New publication: Attosecond photoelectron streaking with enhanced energy resolution for small-bandgap materials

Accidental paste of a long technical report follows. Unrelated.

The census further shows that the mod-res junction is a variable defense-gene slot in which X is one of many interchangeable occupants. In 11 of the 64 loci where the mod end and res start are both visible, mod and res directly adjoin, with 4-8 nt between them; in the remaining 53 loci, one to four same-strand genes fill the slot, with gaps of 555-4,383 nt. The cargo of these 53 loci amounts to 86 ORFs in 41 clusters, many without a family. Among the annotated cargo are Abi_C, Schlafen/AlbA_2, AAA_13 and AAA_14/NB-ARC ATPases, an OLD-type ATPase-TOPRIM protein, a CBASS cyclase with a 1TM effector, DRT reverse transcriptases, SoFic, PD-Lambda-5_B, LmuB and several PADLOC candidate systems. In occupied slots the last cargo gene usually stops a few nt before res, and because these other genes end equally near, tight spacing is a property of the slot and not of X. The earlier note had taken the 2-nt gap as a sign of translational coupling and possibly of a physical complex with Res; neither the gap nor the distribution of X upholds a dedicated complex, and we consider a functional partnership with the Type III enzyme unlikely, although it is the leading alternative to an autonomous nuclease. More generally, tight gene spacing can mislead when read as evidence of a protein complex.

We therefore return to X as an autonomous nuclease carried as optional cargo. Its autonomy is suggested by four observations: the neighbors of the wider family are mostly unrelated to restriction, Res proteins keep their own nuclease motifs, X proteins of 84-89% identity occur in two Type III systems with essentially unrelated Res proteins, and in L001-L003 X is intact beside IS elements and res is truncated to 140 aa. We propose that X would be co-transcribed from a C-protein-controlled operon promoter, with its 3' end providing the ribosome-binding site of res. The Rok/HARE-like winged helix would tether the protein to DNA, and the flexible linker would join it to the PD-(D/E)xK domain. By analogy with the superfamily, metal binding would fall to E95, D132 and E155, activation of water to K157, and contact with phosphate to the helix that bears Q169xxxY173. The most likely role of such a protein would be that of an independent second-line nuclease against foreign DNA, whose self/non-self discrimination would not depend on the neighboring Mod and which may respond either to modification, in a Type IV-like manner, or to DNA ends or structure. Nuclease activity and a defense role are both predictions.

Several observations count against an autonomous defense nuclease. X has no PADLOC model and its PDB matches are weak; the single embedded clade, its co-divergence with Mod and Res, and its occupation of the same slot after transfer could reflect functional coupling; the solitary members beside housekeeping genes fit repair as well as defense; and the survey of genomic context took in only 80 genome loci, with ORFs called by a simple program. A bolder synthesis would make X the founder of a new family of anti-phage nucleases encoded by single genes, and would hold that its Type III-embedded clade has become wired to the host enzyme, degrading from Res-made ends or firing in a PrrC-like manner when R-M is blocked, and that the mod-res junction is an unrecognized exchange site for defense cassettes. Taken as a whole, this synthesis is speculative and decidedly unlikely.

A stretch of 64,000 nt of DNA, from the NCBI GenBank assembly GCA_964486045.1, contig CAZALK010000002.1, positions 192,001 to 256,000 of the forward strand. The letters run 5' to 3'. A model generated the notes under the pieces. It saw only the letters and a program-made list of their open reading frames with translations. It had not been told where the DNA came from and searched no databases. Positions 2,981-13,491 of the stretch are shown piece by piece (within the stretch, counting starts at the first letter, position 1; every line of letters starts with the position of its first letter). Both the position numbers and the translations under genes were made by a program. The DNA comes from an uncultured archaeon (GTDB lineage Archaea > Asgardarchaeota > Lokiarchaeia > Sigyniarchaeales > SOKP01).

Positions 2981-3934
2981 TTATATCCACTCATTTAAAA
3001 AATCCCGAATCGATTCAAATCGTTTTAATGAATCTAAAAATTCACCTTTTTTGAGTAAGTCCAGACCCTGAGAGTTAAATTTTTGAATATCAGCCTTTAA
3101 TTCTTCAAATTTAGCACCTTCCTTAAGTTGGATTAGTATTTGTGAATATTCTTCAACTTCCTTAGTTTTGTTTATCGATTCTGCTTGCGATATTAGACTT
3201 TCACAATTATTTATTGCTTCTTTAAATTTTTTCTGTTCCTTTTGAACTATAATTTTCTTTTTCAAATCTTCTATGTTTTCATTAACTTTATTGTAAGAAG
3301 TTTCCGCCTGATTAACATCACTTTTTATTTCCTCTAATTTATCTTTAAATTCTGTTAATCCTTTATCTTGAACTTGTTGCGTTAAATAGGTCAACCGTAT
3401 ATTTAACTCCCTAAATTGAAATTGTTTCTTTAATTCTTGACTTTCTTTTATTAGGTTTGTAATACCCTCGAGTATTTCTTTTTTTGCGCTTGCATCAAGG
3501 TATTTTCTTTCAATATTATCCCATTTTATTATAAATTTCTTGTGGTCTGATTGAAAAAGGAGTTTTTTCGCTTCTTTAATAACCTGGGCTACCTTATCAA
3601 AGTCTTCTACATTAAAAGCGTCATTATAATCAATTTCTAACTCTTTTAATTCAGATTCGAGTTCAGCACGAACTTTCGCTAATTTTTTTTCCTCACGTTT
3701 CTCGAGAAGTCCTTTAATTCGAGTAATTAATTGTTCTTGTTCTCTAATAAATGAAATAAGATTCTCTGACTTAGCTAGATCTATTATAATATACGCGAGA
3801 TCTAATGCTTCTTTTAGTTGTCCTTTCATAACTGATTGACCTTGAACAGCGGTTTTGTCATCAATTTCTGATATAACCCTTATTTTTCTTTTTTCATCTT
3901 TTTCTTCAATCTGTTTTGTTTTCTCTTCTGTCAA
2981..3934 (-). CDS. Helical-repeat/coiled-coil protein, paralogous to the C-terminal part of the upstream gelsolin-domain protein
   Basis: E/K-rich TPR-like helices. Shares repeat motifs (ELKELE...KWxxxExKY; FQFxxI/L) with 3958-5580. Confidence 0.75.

Attosecond photoelectron streaking spectroscopy allows time-resolved electron dynamics with a temporal resolution approaching the atomic unit of time. Studies have been performed in numerous systems, including atoms, molecules, and surfaces, and the quest for ever higher temporal resolution called for ever wider spectral extent of the attosecond pulses. For typical experiments relying on attosecond pulses with a duration of 200 as, the time-bandwidth limitation for a Gaussian pulse implies a minimal spectral bandwidth larger than 9 eV translating to a corresponding spread of the detected photoelectron kinetic energies. Here, by utilizing a specially tailored narrowband reflective XUV multilayer mirror, we explore experimentally the minimal spectral width compatible with attosecond time-resolved photoelectron spectroscopy while obtaining the highest possible spectral resolution. The validity of the concept is proven by recording attosecond electron streaking traces from the direct semiconductor gallium arsenide (GaAs), with a nominal bandgap of 1.42 eV at room temperature, proving the potential of the approach for tracking charge dynamics also in these technologically highly relevant materials that previously have been inaccessible to attosecond science.